Home Affairs and Law Minister K Shanmugam just recently went “On the Record” with Channel News Asia’s Bharati Jagdish about about how politics has evolved in the almost three decades he has spent as a politician. In one part of the interview, Mr Shanmugam speaks about lower entry barrier for people to get involved in politics so that people can always go in to make things right, and keep people in power on their toes.
When CNA shared the interview on its Facebook fanpage, many were not convinced by the Minister’s replies. One commenter made a post which is plain obvious for anyone living in Singapore for the past few decades.
Given the recent wayang at the Parliamentary debate and the end conclusion of “oneself decides oneself need not check oneself”, Mr Shanmugam’s comment could not have come more ironic as it is.
But what is more frustrating is for the Minister to sidestep an issue that activists and politicians in Singapore have faced over the past fifty over years of rule under the People’s Action Party (PAP).
Below is the transcript of a part of Mr Shanmugam’s interview
Shanmugam: I think the true framework has got to be this. You’ve got to have a highly literate, educated population which is politically aware. That is a starting point. Second, I think that the barrier to entry to politics has to be kept very low. So in the US, if you wanted to come, you want to fight for a Senate seat or a seat in the House of Representatives, it takes a lot of money. We should try and make sure that it does not cost very much, and it doesn’t in Singapore.
Bharati: Why do you think that’s important?
Shanmugam: So that people who feel that something is going wrong will be able to come and fight for a cause. So you must always keep the entry barrier low. That is what will keep any party in power on its toes because Singapore is a small place. You keep money politics out of it, you keep corruption out of it, you keep the entry barriers low, you have a highly educated population. If whoever in power is going wrong, you can quickly coalesce a group of people who will say: “Look, let’s put this right,” and come in. That will keep whoever is in power on their toes.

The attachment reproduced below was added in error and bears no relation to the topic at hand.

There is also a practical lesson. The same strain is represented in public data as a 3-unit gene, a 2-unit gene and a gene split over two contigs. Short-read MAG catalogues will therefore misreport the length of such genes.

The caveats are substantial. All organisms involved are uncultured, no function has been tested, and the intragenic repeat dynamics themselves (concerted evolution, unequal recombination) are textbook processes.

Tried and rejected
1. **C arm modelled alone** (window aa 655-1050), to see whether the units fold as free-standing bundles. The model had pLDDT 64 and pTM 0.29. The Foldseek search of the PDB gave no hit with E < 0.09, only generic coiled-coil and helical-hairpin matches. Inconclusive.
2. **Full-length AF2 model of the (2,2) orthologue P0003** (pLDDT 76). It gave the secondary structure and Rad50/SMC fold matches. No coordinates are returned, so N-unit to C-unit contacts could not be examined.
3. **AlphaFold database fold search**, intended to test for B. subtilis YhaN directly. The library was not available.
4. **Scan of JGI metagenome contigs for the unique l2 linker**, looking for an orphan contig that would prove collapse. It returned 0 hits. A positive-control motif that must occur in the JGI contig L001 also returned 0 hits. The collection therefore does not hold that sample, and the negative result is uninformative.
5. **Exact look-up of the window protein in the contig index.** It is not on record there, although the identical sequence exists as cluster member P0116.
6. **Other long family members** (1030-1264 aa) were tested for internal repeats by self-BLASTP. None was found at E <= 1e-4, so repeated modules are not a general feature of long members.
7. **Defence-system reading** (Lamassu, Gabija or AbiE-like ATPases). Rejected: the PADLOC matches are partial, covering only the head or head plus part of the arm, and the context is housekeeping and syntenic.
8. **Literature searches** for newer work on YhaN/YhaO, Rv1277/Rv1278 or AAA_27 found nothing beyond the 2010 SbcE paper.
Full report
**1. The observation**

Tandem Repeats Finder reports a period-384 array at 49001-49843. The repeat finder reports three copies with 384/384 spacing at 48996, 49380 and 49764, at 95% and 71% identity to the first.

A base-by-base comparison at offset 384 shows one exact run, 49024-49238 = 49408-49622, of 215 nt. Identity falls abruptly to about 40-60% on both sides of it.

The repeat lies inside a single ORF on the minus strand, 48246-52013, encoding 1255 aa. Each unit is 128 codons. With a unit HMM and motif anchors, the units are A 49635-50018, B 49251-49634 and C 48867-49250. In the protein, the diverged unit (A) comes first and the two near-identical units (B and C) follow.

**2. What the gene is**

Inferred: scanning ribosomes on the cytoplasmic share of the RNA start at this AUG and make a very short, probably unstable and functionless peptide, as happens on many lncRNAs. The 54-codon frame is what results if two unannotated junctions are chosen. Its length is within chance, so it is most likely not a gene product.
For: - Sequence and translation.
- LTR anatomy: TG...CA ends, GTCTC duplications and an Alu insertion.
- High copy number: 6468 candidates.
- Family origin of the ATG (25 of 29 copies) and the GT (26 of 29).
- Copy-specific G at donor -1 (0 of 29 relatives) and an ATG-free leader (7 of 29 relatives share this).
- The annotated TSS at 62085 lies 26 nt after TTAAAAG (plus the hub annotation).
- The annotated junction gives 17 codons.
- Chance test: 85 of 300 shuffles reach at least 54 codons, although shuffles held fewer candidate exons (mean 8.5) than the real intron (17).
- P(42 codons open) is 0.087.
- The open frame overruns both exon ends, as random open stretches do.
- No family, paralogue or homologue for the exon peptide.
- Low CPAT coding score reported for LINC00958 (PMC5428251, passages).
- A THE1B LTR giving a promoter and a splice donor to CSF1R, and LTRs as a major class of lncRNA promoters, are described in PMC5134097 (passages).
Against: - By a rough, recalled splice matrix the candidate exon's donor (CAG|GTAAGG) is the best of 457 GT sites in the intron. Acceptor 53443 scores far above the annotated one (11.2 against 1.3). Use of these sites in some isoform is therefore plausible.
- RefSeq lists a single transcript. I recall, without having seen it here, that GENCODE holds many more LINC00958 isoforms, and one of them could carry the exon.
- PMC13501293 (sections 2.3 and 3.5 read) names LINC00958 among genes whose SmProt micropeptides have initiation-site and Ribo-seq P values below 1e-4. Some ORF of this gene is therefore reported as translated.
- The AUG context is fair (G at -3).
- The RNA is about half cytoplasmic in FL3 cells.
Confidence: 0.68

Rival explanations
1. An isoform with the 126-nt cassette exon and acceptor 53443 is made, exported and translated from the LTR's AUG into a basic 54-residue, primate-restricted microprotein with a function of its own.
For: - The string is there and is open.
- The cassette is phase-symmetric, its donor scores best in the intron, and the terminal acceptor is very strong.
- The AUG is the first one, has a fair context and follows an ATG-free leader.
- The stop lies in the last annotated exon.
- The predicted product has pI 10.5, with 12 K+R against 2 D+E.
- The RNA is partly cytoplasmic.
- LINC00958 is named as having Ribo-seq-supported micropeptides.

Bharati: I’m sure anyone would agree with that, that sense of openness. However, they might also criticise the fact that, at the end of the day, the PAP still has a really strong party machinery. So, even if you enter the space as a group of people who feel strongly about an issue, who feels that the PAP is doing something wrong, you are not going to survive for very long.
Shanmugam: I disagree. If the PAP is doing wrong and is not delivering or has gone corrupt or has gone soft, the party machinery is not going to keep it in power. The party machinery can put out messages but the opposition can also put out messages. Average size of a constituency: You have about 150 blocks. If you really work on it, you can cover them. So party machinery is essential and important but it is not difficult for somebody else to build up and, if necessary, start with a few constituencies and then build up some more.